Summary Health insurance is becoming increasingly difficult for workers—and their employers—to afford. Premiums increased 114 percent between 1999 and 2007, while workers’ earnings increased only 27 percent. U.S. spending on health care—as a percentage of GDP—is more than six percentage points higher than the average for other developed countries. 3
Technology—not demographics or medical malpractice—is the key driver of health spending, accounting for an estimated half to two-thirds of spending growth. Other important drivers of health care spending include health status (particularly obesity) and low productivity gains in the health care sector.
6. Examination of Health Care Cost Trends and Cost Drivers. Massachusetts Office of the Attorney General. June 22, 2011. http://www.mass.gov/ago/docs/healthcare/2011-hcctd-full.pdf
Summary Our examination identified several factors that we believe should be considered when analyzing cost containment strategies. We found: 1. There is wide variation in the payments made by health insurers to providers that is not adequately explained by differences in quality of care. 2. Globally paid providers do not have consistently lower total medical expenses. 3. Total medical spending is on average higher for the care of health plan members with higher incomes. 4. Tiered and limited network products have increased consumer engagement in value-based purchasing decisions. 5. Preferred Provider Organization (PPO) health plans, unlike Health Maintenance Organization (HMO) health plans, create significant impediments for providers to coordinate patient care because PPO plans are not designed around primary care providers who have the information and authority necessary to coordinate the provision of health care effectively. 6. Health care provider organizations designed around primary care can coordinate care effectively (1) through a variety of organizational models, (2) provided they have appropriate data and resources, and (3) while global payments may encourage care coordination, they pose significant challenges.
7. Bending the Curve Through Health Reform Implementation. Several authors including John Bertko and Mark McClellan. The Brookings Institution. October 2010. http://www.brookings.edu/~/media/research/files/reports/2010/10/btc%20ii/final%20bending%20the%20curve%201 02010.pdf
Summary Reducing health care spending growth remains an urgent and unresolved issue, especially as the ACA expands insurance coverage to 32 million more Americans. While more should be done legislatively, the current reform legislation includes important opportunities that will require decisive steps in regulation and execution to fulfill their potential for curbing spending growth. Executing these steps will not be automatic or easy. Yet doing so can achieve a health care system based on evidence, meaningful choice, balance between regulation and market forces, and collaboration that will benefit patients and the economy. We focus on three concrete objectives to be reached within the next five years to achieve savings while improving quality across the health system:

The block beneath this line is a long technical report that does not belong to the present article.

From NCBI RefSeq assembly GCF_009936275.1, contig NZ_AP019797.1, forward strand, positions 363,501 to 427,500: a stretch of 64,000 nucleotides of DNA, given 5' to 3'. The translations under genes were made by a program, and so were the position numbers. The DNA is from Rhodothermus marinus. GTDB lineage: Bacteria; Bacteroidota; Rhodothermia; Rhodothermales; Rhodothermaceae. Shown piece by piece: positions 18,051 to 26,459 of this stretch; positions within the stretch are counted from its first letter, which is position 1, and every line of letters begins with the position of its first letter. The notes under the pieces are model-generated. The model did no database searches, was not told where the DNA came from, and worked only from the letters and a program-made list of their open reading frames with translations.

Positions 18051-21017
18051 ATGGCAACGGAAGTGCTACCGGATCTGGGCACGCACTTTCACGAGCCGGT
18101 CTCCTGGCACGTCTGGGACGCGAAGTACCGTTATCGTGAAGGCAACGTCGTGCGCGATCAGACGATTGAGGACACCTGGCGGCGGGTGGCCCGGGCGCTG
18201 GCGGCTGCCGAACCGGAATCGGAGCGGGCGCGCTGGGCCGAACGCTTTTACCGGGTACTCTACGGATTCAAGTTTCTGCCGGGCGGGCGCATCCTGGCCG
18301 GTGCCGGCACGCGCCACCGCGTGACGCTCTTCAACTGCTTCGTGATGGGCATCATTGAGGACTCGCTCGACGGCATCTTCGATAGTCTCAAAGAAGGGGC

1. Speed payment reforms away from traditional volume-based payment systems so that most health payments in this country align better with quality and efficiency. 2. Implement health insurance exchanges and other insurance reforms in ways that assure most Americans are rewarded with substantial savings when they choose plans that offer higher quality care at lower premiums. 3. Reform coverage so that most Americans can save money and obtain other meaningful benefits when they make decisions that improve their health and reduce costs. 8. Lessons from Medicare's Demonstration Projects on Disease Management and Care Coordination. Lyle Nelson, Congressional Budget Office Working Paper 2012-01. January 18, 2012. http://cbo.gov/sites/default/files/cbofiles/attachments/WP2012-01_Nelson_Medicare_DMCC_Demonstrations.pdf
Summary This paper summarizes the results of Medicare demonstrations of disease management and care coordination programs. Such programs seek to improve the health care of people who have chronic conditions or whose health care is expected to be particularly costly, and they seek to reduce the costs of providing health care to those people. In six major demonstrations over the past decade, Medicare’s administrators have paid 34 programs to provide disease management or care coordination services to beneficiaries in Medicare’s fee-for-service sector. All of the programs in those demonstrations sought to reduce hospital admissions by maintaining or improving beneficiaries’ health, and that reduction was a key mechanism through which they expected to reduce Medicare expenditures. On average, the 34 programs had no effect on hospital admissions or regular Medicare expenditures (that is, expenditures before accounting for the programs’ fees). There was considerable variation in the estimated effects among programs, however. Programs in which care managers had substantial direct interaction with physicians and significant in-person interaction with patients were more likely to reduce hospital admissions than programs without those features. After accounting for the fees that Medicare paid to the programs, however, Medicare spending was either unchanged or increased in nearly all of the programs. 9. Care Coordination in Fee-For-Service Medicare, in Report to the Congress: Medicare and the Health Care Delivery System. Medicare Payment Advisory Commission (MedPAC). June 2012. http://medpac.gov/chapters/Jun12_Ch02.pdf